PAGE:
Presented by StageArt
Chapel Off Chapel
Until February 17
THE musical Hair is an odd one. As a glamorous commercial portrayal of '60s counterculture, it was always already a parody of it, while at the same time being in deadly earnest about its ''make love not war'' message.
This Midsumma revival has high production values for independent musical theatre. It looks great: the costumes and wigs are full of paisley-inflected, stagey, half-mocking nostalgia.
The band sits around a couple of ratty couches upstage, while the scene swells with a large cast of (admittedly freshly scrubbed) hippies, working the audience with glee.
There are some terrific performances that should have talent scouts out in force. Ashley Rousetty's Claude leads the way, bringing a fragile charisma to the messiah of the piece.
His willowy frame and high cheekbones are perfect for the part; his presence matched by a strong voice with great range.
Around him other stars of the tribe congregate: Sam Kitchen's louche ringleader; Dianne Algate as the low-rent, pot-smoking earth mother; Samuel Dariol's mischievous bisexual imp; the naive charm of Veronica Wnuk's ingenue. Josh Stent also gives a remarkable drag cameo.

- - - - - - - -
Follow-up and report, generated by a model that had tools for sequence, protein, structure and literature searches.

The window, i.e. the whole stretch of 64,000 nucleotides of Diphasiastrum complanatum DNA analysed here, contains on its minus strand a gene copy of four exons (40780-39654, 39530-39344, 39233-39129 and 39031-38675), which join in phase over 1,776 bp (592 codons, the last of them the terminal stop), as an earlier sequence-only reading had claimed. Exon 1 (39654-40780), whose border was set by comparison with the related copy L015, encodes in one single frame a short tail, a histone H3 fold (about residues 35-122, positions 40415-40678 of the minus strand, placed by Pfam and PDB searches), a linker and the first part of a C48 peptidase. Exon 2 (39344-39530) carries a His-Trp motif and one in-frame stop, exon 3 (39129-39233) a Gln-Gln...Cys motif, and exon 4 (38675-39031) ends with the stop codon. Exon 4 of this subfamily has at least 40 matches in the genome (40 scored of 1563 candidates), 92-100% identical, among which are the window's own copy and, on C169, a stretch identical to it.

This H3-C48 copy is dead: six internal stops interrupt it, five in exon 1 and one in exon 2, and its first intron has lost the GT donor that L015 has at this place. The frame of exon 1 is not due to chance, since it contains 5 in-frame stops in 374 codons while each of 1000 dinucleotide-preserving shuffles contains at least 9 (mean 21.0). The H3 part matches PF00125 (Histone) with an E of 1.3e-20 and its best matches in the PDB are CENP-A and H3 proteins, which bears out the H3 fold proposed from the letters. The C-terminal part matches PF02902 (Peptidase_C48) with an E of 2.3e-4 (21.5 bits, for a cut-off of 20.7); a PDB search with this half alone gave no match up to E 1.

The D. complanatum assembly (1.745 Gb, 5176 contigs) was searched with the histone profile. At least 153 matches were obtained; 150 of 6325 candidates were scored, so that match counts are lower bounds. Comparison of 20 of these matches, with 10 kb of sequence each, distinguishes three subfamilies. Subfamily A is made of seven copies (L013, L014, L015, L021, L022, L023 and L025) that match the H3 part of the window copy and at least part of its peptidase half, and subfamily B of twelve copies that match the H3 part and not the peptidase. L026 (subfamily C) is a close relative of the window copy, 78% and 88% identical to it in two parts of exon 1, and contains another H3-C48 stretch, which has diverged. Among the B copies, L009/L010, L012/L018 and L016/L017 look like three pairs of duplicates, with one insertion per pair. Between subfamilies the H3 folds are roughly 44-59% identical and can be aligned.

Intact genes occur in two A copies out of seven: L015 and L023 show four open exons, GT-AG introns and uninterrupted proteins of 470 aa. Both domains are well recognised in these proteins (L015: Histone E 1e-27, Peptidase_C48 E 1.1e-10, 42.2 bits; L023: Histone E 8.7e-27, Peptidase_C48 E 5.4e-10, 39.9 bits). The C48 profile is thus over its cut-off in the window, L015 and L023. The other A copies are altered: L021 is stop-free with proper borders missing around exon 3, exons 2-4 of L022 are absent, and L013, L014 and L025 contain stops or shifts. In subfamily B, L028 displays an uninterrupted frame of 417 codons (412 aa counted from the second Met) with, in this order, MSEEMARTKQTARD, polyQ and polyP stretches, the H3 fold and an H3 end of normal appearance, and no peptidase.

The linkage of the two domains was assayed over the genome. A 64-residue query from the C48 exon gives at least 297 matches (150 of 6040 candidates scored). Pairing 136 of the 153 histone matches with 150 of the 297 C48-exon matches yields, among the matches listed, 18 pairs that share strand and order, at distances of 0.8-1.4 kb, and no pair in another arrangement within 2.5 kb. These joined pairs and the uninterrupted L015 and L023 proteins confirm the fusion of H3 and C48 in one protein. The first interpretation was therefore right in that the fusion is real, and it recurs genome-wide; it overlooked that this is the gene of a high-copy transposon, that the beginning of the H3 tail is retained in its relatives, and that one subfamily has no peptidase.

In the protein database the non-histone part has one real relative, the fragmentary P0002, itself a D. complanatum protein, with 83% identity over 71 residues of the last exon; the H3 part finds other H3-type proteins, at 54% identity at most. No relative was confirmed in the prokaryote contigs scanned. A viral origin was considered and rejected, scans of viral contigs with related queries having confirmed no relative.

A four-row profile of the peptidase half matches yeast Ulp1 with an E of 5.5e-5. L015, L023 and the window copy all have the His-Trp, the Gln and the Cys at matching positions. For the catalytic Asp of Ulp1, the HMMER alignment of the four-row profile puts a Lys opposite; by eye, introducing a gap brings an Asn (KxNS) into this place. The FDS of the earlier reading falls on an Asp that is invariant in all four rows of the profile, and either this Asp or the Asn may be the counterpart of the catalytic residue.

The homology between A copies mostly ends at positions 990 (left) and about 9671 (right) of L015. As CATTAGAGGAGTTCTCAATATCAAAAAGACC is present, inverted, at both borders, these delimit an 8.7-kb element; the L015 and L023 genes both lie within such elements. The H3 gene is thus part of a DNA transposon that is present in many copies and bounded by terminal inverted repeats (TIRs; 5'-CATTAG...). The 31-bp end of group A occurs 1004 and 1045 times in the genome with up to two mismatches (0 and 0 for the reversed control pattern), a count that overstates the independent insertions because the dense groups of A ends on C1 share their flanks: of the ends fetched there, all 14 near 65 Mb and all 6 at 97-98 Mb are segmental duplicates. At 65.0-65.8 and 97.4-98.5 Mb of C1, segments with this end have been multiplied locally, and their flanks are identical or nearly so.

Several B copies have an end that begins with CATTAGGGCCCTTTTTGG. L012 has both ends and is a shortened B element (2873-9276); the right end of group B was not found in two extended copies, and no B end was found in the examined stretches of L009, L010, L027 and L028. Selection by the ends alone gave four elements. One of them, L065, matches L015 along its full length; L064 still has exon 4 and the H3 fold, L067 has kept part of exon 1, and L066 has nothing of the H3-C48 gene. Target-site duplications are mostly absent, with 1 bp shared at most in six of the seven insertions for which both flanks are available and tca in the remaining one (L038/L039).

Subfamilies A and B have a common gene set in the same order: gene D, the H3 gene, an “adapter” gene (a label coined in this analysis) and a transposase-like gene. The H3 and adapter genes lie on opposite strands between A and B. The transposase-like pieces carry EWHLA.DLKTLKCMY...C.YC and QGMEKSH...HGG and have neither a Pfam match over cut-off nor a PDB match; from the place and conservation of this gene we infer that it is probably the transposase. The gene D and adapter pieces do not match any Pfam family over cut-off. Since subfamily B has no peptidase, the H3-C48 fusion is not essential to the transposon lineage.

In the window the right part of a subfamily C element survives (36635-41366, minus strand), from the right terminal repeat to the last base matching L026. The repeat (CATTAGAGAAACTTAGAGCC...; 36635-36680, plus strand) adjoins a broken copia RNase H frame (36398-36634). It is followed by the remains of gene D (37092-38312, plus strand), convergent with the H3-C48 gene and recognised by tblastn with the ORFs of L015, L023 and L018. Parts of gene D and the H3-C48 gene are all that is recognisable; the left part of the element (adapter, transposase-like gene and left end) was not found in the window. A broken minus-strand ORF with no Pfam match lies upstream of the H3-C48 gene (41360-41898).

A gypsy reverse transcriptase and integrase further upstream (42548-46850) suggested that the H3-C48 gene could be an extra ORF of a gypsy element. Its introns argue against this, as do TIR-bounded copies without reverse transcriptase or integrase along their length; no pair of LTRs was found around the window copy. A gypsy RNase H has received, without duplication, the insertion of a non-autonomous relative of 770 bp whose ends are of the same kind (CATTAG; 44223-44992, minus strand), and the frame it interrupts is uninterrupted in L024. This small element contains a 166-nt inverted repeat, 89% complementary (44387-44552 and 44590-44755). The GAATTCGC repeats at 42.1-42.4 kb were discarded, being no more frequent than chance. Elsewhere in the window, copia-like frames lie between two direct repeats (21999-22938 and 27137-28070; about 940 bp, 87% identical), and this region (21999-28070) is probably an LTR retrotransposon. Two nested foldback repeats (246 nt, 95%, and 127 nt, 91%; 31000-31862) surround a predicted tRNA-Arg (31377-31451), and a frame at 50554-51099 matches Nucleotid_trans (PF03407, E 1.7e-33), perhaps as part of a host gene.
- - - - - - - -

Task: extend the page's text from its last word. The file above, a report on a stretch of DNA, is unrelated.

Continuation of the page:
The chorus numbers are tightly staged. Paul Malek's choreography is elaborate, eye-catching and exuberant. The set has some impressive reveals.
While the first half had as much energy and lustre as you could hope for, technical problems (mikes brushing against wigs perhaps) tarnished the singing in a distracting way after interval. That sorted out the wheat from the chaff, in terms of onstage confidence.
It's an entertaining production that will be even better once the sound hitch has been resolved.